If you’re the owner of a Great Dane or another giant breed dog, you may be wondering if neutering will get them to chill out. Does neutering calm a dog down? W
You’ll be surprised to learn that there are many other factors at play, and when it comes to neutering your Great Dane there is a lot to consider. We will dive into this today and give you some well-researched and much-needed advice!
Intact Dog Behavior
There are many behaviors exhibited by male dogs, and in some cases, it does not matter if they are intact or not. This will provide clues to whether or not neutering is right for your dog and if it might calm them down.
I’m going to outline each situation below!
Many dogs mark their territory, including females! Entire male dogs tend to do this more frequently, but it is a behavior that can be seen in both sexes.
Males will also urine-mark when they are feeling anxious or stressed.
(Do you need help cleaning urine odor and marking stains out of your house? We recommend Skout’s Honor, it really works! I speak from personal experience. Buy on Amazon and have it in your hands super fast! Click here:)
This is their way of trying to feel more secure in their environment.
Neutering does not necessarily change this behavior, unfortunately, as for many dogs, it’s just part of their habits and routines.
If you are having problems with your dog marking territory indoors, there are products such as belly bands that, when paired with diligent supervision and training can help with this issue.
Here are some of our favorites:
- Skout’s Honor Enzyme Cleaner to eliminate urine marking stains
- Washable belly bands for male dogs
- Slip lead for tether training
- XXL crate to prevent marking when you cannot supervise
- Training treats to reward outside urination
Male Dog Humping
Humping is often seen as sexual behavior or dominance, but it’s actually more of an insecurity thing.
As a matter of fact, the relationship between “humping” and “dominance” is one of the most common myths in the world of dogs!
Dogs will hump other dogs, people, inanimate objects…anything and it’s not always related to sex, hormones, or dominance.
They do this to release stress, often caused by over-excitement, nervousness, or having a too-full bucket.
This means that your dog may be experiencing a form of anxiety brought on by over-stimulation, and humping provides a natural stress release. They learn pretty quickly that it feels good and helps them release tension, which makes this a self-rewarding behavior that is hard to eliminate.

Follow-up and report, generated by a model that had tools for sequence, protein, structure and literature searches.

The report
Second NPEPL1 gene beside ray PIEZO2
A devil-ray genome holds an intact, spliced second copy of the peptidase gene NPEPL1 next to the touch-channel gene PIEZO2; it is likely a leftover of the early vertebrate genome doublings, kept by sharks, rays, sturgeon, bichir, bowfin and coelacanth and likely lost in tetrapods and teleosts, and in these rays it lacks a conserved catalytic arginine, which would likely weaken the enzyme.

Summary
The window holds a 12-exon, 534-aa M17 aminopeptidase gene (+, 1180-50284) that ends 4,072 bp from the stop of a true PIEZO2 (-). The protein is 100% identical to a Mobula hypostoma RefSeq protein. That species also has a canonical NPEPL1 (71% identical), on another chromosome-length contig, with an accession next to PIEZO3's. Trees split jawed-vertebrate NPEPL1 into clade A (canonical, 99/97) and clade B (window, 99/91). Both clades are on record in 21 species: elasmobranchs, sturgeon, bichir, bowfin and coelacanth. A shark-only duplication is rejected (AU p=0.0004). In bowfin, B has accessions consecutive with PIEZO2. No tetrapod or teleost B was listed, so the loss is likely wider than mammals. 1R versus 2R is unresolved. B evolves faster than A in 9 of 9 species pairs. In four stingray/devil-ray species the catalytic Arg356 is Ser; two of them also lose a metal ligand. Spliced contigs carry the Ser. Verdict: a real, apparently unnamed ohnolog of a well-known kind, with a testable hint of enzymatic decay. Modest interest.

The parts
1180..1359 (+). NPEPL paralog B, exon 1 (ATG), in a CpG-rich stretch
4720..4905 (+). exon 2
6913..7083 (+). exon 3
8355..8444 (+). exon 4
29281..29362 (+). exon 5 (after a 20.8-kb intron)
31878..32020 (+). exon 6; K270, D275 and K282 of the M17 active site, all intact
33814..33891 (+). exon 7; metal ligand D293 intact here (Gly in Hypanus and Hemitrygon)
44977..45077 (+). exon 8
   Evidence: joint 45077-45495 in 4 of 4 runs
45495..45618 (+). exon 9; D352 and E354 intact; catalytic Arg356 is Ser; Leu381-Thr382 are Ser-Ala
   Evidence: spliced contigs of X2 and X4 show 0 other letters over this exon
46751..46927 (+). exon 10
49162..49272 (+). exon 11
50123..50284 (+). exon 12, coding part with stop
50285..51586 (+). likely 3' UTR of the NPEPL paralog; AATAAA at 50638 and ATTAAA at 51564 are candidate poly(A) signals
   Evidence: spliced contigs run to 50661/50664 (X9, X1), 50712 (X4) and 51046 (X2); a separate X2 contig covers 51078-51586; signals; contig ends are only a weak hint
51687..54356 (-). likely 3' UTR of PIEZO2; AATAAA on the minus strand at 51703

Insecure dogs tend to exhibit this behavior most often. Puppies are no exception! They may be overwhelmed by the environment.
Depending on the cause, neutering your dog may reduce the frequency with which they hump, but for many dogs, it’s not a quick fix. Many pet owners are shocked when their neutered dog still humps.
The underlying cause of the behavior must be addressed first if you want your pet to stop humping. Unfortunately, sex drive and hormones have surprisingly little to do with humping.
Helping your dog build self-confidence will be much more effective at changing your dog’s emotional state than surgical castration.
That said, neutering does have benefits and should not be overlooked.
Aggression in Male Dogs
Hormones, including testosterone in male dogs, can absolutely lead to aggression and other undesirable or even dangerous behaviors.
As a matter of fact, same-sex aggression between male dogs, especially intact male dogs, is very common.
Many intact male dogs may be fantastic around dogs and people, but he can smell an intact male a mile away. Their hackles may immediately go up at the perceived threat. The hormones start flowing and they can definitely become protective, or defensive of their space.
Displaying dominant and rude behavior towards other intact male dogs is a common problem associated with delayed neutering! It doesn’t mean that the dog is aggressive, he’s really just hormonal and acting on basic biology.
This is one reason why many veterinarians and animal behaviorists will recommend neutering dogs that exhibit aggression of any kind. If you don’t have excellent obedience and control of your intact male dog, neutering your dog is the responsible thing to do.
A lot of times, the reduction in testosterone level following the procedure helps to settle their minds. Neutering is an important step in any behavioral treatment program, especially for dogs who encounter other male dogs often.